Box 352900
Seattle WA  98195-2900

On Wed, 24 Mar 2010, Fletcher, Peter wrote:



Ok, sorry about the miscommunication. I think I want to convey that


the


script must be that of the heading, as opposed to the resource being
cataloged in 2.5.2.1, but now since we have eliminated translations


it


is a moot point since there is only one language involved and the
language of the headings is the same as the resource being cataloged.

So, I think your point is well taken for 2.5.2.2.

And the wording in 2.5.2.1 can stay as:

"The headings must be in the language/script of the body, person, or
title, and the form entered can be derived from the resource itself


or


if necessary from a standard reference source in the language/script


of


the heading."

I suppose there are occasions where we can over think a problem.

Peter

-----Original Message-----
From: Program for Cooperative Cataloging [mailto:[log in to unmask]] On
Behalf Of David W Reser
Sent: Wednesday, March 24, 2010 1:25 PM
To: [log in to unmask] 
Subject: Re: [PCCTG1] Peter's translation suggestion

Peter--  I was only actually complaining about the wording about
qualifiers (2.5.2.2), didn't really have a problem with 2.5.2.1 (the
same may not be true of other commenters).

As for 2.5.2.1, I could live with what was there, or live with


removing


the second sentence, but I don't think the replacement text "**The
language/script used must be the one associated with the heading.** "
actually says anything, or at least could be open to many
interpretations.

Sorry not to be clearer earlier.
Dave




"Fletcher, Peter" <[log in to unmask]> 3/24/2010 3:05 PM


Sorry, I should have pointed out where these texts come from in the


doc.


You are right about the location of the qualifiers example, the other
part comes from 2.5.2.1.

With your suggestion 2.5.2.1 would read:

"Non-Latin data may be supplied in parallel fields for headings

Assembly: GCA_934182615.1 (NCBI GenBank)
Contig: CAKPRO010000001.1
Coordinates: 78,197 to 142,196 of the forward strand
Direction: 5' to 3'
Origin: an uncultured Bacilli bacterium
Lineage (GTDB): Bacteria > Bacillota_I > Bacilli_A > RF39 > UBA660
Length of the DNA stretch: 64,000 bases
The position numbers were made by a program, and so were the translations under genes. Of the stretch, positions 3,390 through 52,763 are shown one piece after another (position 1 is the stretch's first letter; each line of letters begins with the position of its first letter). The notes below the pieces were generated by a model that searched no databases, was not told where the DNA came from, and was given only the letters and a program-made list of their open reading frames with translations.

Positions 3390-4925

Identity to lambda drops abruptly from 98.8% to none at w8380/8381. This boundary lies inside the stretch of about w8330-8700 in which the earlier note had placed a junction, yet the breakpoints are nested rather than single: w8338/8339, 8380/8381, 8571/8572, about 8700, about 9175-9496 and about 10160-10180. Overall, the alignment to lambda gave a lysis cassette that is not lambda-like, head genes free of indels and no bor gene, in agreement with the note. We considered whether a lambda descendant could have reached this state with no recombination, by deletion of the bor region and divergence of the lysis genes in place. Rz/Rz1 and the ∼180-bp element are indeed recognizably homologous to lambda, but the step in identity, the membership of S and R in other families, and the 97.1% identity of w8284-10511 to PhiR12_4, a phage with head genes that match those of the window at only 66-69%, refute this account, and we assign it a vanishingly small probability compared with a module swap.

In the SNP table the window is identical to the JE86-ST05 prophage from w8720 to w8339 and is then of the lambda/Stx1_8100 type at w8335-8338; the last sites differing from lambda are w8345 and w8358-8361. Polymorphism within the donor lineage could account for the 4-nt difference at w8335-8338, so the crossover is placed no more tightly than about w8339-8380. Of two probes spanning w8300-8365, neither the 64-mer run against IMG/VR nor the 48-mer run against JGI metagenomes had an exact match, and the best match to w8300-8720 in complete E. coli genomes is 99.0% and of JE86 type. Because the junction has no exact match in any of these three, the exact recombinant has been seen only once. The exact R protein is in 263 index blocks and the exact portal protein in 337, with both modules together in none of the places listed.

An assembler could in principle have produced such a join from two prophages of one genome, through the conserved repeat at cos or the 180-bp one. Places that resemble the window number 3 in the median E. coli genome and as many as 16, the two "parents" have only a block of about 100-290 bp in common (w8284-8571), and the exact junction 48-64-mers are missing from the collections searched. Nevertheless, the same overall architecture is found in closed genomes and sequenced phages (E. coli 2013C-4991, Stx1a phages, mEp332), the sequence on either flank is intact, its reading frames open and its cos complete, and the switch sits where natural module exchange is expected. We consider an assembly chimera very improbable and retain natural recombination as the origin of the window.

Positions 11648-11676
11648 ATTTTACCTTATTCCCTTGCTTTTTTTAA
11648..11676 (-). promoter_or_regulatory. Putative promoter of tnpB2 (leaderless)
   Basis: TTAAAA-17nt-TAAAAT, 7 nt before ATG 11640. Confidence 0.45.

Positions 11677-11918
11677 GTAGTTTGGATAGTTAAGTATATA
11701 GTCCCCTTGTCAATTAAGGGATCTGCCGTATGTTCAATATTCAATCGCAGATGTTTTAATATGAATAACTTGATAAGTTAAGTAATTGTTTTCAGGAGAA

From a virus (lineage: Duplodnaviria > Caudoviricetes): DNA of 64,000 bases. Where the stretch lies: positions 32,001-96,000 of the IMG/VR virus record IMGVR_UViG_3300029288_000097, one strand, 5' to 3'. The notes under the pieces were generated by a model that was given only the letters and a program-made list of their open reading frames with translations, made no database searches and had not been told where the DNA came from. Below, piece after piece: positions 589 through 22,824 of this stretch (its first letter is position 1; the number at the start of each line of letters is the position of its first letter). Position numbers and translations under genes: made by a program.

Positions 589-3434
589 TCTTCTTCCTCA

established in non-standard romanization or in a conventional
Latin-script form. When possible, prefer a non-Latin form that
corresponds most closely to the authorized Latin form."

What about:

"Non-Latin data may be supplied in parallel fields for headings
established in non-standard romanization or in a conventional
Latin-script form. **The language/script used must be the one


associated


with the heading.** Prefer a non-Latin form that corresponds most
closely to the authorized Latin form."


and at 2.5.2.2 it could be left as David suggests:

"In non-Latin parallel fields, cataloger-created qualifiers may be
entered in a non-Latin form. When possible, prefer a non-Latin form


that


corresponds most closely to the authorized Latin form of the


qualifier."


Peter


-----Original Message-----
From: Program for Cooperative Cataloging [mailto:[log in to unmask]] On
Behalf Of David W Reser
Sent: Wednesday, March 24, 2010 6:15 AM
To: [log in to unmask] 
Subject: Re: [PCCTG1] Peter's translation suggestion

So, if we are having too much difficulty trying to put parameters on
what qualifiers should look like in an optional approach (correct me


if


I'm wrong that we're talking about 2.5.2.2. here), maybe we should


just


omit the statement "The qualifiers must be in the language/script of


the


heading itself, and the form entered can be derived from the


resource,


or if necessary from a standard reference source in the


language/script


of the heading."  The point of the option was that you could use
non-Latin qualifiers in the optional approach (which the first


sentence


already says).  Leave it at that?

Dave



"Fletcher, Peter" <[log in to unmask]> 3/23/2010 7:28 PM


No kidding.

I think the problem with the statements:

The headings must be in the language/script of the body,
person, or title [...] and:

In non-Latin parallel fields, cataloger-created qualifiers may be
 entered in a non-Latin form.  The qualifiers must be in the
 language/script of the body, person, or title [...]

is that what I meant to say is the language of the "heading" itself,
which can be a body, person, or title (730, 240, 130). Would it be
clearer to say "headings must be in the language of the heading


itself"?


This way you don't get confused about whether or not the script is


taken


from the piece at hand.

Peter

-----Original Message-----
From: Program for Cooperative Cataloging [mailto:[log in to unmask]] On
Behalf Of Robert Rendall
Sent: Tuesday, March 23, 2010 2:19 PM
To: [log in to unmask] 
Subject: Re: [PCCTG1] Peter's translation suggestion